Dr Adam Bitunguramye, GP at Munini Hospital, Republic of Rwanda
New Munini Hospital (Jan 2021), Republic of Rwanda
Primary care in Rwanda and reasons to join the course
Dr Adam Bitunguramye, GP at Munini Hospital, Republic of Rwanda shares his thoughts on primary care in Rwanda and why he would like to join the course
Primary health care is fundamental to the health promotion in Rwanda. It is delivered from the community level by the community health workers to health posts and health centers by nurses and the district hospital level include medical doctors in the care of patients.
It basically offers a package consisting of different activities such as promotional, preventive and curative.
Promotional activities include information, education, and communication (IEC); psychosocial support; nutritional activities related to small farming and food preparation; community participation; management and financing of health services; home visits; and hygiene and sanitation in the catchment area around the health center.
Preventive activities are premarital consultation, ANC, postpartum care for the mother and child, family planning counseling and services, school health, and epidemiologic surveillance activities.
Curative activities such as consultations, management of chronically ill patients, nutritional rehabilitation and curative care, observation before hospitalization, normal deliveries, minor surgical interventions, and laboratory testing are given at the level of a health center.
District hospitals will receive referred cases from Health centers and manage them with more laboratory services and Imaging as well. In addition, some minor and major surgeries are carried out here and would refer complex cases to the tertiary-level.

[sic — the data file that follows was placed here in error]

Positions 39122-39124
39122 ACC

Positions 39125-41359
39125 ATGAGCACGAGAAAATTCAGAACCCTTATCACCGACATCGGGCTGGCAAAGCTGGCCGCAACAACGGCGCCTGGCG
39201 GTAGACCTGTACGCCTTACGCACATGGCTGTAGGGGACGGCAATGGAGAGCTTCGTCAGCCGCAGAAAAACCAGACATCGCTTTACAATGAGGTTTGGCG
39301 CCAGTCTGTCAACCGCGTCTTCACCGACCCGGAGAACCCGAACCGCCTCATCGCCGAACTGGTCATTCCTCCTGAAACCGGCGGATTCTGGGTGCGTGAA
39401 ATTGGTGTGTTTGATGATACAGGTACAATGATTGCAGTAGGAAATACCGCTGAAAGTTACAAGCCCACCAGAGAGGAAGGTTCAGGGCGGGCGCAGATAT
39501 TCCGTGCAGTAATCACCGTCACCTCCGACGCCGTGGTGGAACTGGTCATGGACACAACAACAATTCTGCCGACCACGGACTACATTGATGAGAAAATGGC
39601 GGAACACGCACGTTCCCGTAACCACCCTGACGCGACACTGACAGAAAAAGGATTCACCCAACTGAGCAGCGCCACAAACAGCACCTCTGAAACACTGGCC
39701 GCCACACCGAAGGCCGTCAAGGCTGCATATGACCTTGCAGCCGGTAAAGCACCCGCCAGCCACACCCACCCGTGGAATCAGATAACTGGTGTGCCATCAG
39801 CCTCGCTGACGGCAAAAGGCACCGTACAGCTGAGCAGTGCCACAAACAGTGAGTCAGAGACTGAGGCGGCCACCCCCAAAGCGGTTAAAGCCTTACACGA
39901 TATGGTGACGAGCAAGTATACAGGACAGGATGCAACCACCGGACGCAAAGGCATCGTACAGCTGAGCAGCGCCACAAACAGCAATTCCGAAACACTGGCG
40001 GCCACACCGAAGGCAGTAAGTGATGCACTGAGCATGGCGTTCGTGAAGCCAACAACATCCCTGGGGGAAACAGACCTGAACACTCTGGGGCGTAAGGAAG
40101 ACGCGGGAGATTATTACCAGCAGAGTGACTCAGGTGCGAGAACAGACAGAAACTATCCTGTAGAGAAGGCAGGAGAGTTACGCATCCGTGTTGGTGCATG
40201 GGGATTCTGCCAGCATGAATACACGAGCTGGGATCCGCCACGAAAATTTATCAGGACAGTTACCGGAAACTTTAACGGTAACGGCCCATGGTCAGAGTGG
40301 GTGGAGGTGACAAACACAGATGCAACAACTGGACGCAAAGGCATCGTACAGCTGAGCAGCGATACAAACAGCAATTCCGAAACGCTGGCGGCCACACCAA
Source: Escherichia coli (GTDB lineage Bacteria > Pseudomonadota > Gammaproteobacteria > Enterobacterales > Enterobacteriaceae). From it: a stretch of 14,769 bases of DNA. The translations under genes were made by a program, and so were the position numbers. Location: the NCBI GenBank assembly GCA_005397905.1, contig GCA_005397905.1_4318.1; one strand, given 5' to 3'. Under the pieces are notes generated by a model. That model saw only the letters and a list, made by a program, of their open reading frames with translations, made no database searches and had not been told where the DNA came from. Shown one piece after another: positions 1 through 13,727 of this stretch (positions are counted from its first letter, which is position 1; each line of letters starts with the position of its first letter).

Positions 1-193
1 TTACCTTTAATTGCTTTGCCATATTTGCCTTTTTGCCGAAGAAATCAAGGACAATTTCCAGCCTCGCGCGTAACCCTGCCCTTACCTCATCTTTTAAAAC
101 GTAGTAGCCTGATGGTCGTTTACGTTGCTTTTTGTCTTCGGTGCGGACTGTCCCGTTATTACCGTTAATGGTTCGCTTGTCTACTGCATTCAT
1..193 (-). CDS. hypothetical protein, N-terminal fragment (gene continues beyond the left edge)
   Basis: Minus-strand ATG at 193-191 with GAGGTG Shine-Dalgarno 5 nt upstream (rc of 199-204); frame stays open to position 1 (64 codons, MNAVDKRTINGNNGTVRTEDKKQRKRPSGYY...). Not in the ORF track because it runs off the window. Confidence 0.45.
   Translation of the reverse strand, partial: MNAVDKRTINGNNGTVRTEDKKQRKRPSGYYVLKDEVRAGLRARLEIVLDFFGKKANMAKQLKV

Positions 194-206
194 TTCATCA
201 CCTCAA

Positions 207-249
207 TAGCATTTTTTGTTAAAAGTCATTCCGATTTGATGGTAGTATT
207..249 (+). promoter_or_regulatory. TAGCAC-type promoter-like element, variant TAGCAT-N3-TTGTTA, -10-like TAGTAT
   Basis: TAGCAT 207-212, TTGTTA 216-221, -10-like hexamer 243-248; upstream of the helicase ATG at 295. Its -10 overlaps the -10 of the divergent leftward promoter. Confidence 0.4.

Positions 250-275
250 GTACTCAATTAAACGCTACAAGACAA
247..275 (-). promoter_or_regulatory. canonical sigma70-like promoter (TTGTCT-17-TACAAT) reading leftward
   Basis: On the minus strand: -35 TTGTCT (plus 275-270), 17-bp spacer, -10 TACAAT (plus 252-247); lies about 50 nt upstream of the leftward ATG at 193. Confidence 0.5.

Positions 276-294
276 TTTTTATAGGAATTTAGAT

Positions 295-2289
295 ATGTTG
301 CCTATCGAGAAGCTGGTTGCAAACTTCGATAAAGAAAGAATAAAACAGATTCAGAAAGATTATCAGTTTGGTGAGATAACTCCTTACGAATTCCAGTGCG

Rwanda has achieved the universal health coverage largely due to the insurance scheme known as the Community-based health insurance or Mutuelle de Santé which is an equity-rooted insurance scheme. The latter has unanimously increased the accessibility to health care services and thus has played a huge role in the health promotion of many people especially those ones with limited financial means. To highlight this, over 90% of Rwandans have health insurance coverage.
For further details download an overview of the health system in Rwanda.
Why am I interested in the course?
I am applying to take the course of “Principles of Primary Care International” because I want to acquire more knowledge and skills in order to be able to improve the health of the population especially in the remote area of Rwanda where infrastructure usually hinders the effective delivery of primary care services including but not limited to poor antenatal care and contribute to increased maternal mortality. So far Rwanda decreased the maternal mortality ratio to 210 deaths/100,000 live births according to the Rwanda Demographic and Health Survey 2014-2015 which is still three times the SDGs- Goal 3 aiming at decreasing the later to less than 70 deaths/100000 live births by 2030.
The majority of the above deaths are preventable and might be directly or indirectly linked to inadequate antenatal care. Upon completing this module, I will be in the position to undertake research on how to increase antenatal care, especially in the rural community.
I envision doing a Master of Public Health as well to further my knowledge about research. I convincingly believe that you can offer more to the world once you have more as well, therefore pursuing further knowledge in a good University like Exeter would be my next goal.
Finally, I would say that studying at the University of Exeter would be the bridge to some important professional and academic connections that are needed to benefit from partnerships in the long-term and to be a renowned public health expert who would offer his best to the community.